Writing "Unicode is done" I meant that it makes no sense to invent a system of escape seqence to encode special characters _during processing_. Note: character entities on Web pages logically are purely input/output mechanizm. Logically when browser gets a page character entities are replaced by characters. Then page is parsed to get a tree and all interesting things happen at the level of parse tree (or above).

Concerning Unicode in Spad: UTF-8 can be used in any 8-bit clean system. In particular using UTF-8 we can process Unicode in non-Unicode aware Lisp. And Unicode aware Lisp by definition can handle Unicode.

There are three problems with this. One is that all Unicode aware Lisps use UTF-32 encoding which is different than UTF-8. Conseqently we need different code when using Unicode aware Lisp compared to non-Unicode aware Lisp. The second problem is that Lisp typically performs some recoding on input/output and rejects invalid encodings. This is a problem because at least theoretically needed encoding may be not installed. Also, at least clisp does not allow changing encoding on already open stream, which means that for example on standard input we are stuck with encoding which was active when clisp started up. The third problem is that current Spad character type is 8-bit. This means that using UTF-32 encoding we currently can not extract characters from them without risking out-of-range character codes (but if instead of characters one uses one-character long strings things should work fine). For UTF-8 8-bit "characters" would work, but actually they whould not be Unicode characters but octets.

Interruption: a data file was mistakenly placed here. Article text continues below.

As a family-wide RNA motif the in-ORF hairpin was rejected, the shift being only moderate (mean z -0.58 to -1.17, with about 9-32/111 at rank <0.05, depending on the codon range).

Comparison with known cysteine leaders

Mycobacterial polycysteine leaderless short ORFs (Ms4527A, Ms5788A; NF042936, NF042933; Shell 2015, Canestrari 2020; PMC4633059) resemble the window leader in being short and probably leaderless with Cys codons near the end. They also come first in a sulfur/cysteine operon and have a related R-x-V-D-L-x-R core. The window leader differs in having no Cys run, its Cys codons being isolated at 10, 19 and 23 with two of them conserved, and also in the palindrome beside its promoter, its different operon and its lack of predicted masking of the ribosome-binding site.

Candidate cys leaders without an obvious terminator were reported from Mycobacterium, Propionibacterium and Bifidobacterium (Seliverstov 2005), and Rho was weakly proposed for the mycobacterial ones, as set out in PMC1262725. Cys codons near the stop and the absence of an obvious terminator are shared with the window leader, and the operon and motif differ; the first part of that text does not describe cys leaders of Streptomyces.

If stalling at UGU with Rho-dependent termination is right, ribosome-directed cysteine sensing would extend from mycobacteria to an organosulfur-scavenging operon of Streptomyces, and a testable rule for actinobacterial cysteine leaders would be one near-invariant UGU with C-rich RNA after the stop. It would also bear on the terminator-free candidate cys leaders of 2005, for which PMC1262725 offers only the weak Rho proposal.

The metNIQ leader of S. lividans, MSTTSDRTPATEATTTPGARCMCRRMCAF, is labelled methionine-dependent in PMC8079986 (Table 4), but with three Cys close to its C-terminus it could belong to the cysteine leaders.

Bottom line: to use Unicode we need to:

- decide what to do with Spad character type (extending it to 21 bits needed for UTF-32 looks trivial, but there may be some hidden gotcha). In particular we need to decide if Spad character correspond to Unicode code point or to units of encoding (that is octets in case of UTF-8).

- normalize ways of creating Unicode strings/characters. In particular how to represent them in source code.

Currently we support Unicode in Unicode aware Lisps by using native support and assume that otherwise we can store UTF-8 in String, we extended Spad character type to 21 bits.

Just now using sbcl based FriCAS you can do:

1) start FriCAS in Unicode setting, for example:

(export LC_CTYPE=en_US.UTF-8; fricas)

Make sure your console is set to UTF-8

2) In FriCAS:


You should see sigma sign on the screen. In the same way you can create any unicode character you want. To put several characters into a String use 'ucodeToString' and 'concat' like:

concat("sigma: ", ucodeToString(8721))

Note: on current Unicode aware Lisp you can just assign character to position in a string, but when UTF-8 is used to represent strings a single Unicode character is a multibyte sequence and assigning to portion of string can garble it.

You can also do:

alpha := ucodeToString(945)::Symbol


In principle we could provide domain(s) which would give access to large number of special symbols via names (I am not sure if this is really useful).

What does not work:

functions from CharacterClass?. More precisely, ASCII it works as before and non-ASCII is ignored. Proper support requires getting database of data about Unicode characters. Adapting database for FriCAS is easy (IIUC database can be obtained from Unicode website), but adds bulk (IIUC its is several megabytes in size). Also, naively extending CharacterClass? to full Unicode is likely to lead to poor performance (currently CharacterClass? uses bitwectors of length 256, changing that to 1114112 means much bigger bitwectors and conseqently much more work creating them and poorer cache utilization).

For better support it is hard to give timeline because once you try to use Unicode you will find that some things do not work as expected, some things suddenly are extremally slow and need to be rewritten to get reasonable speed.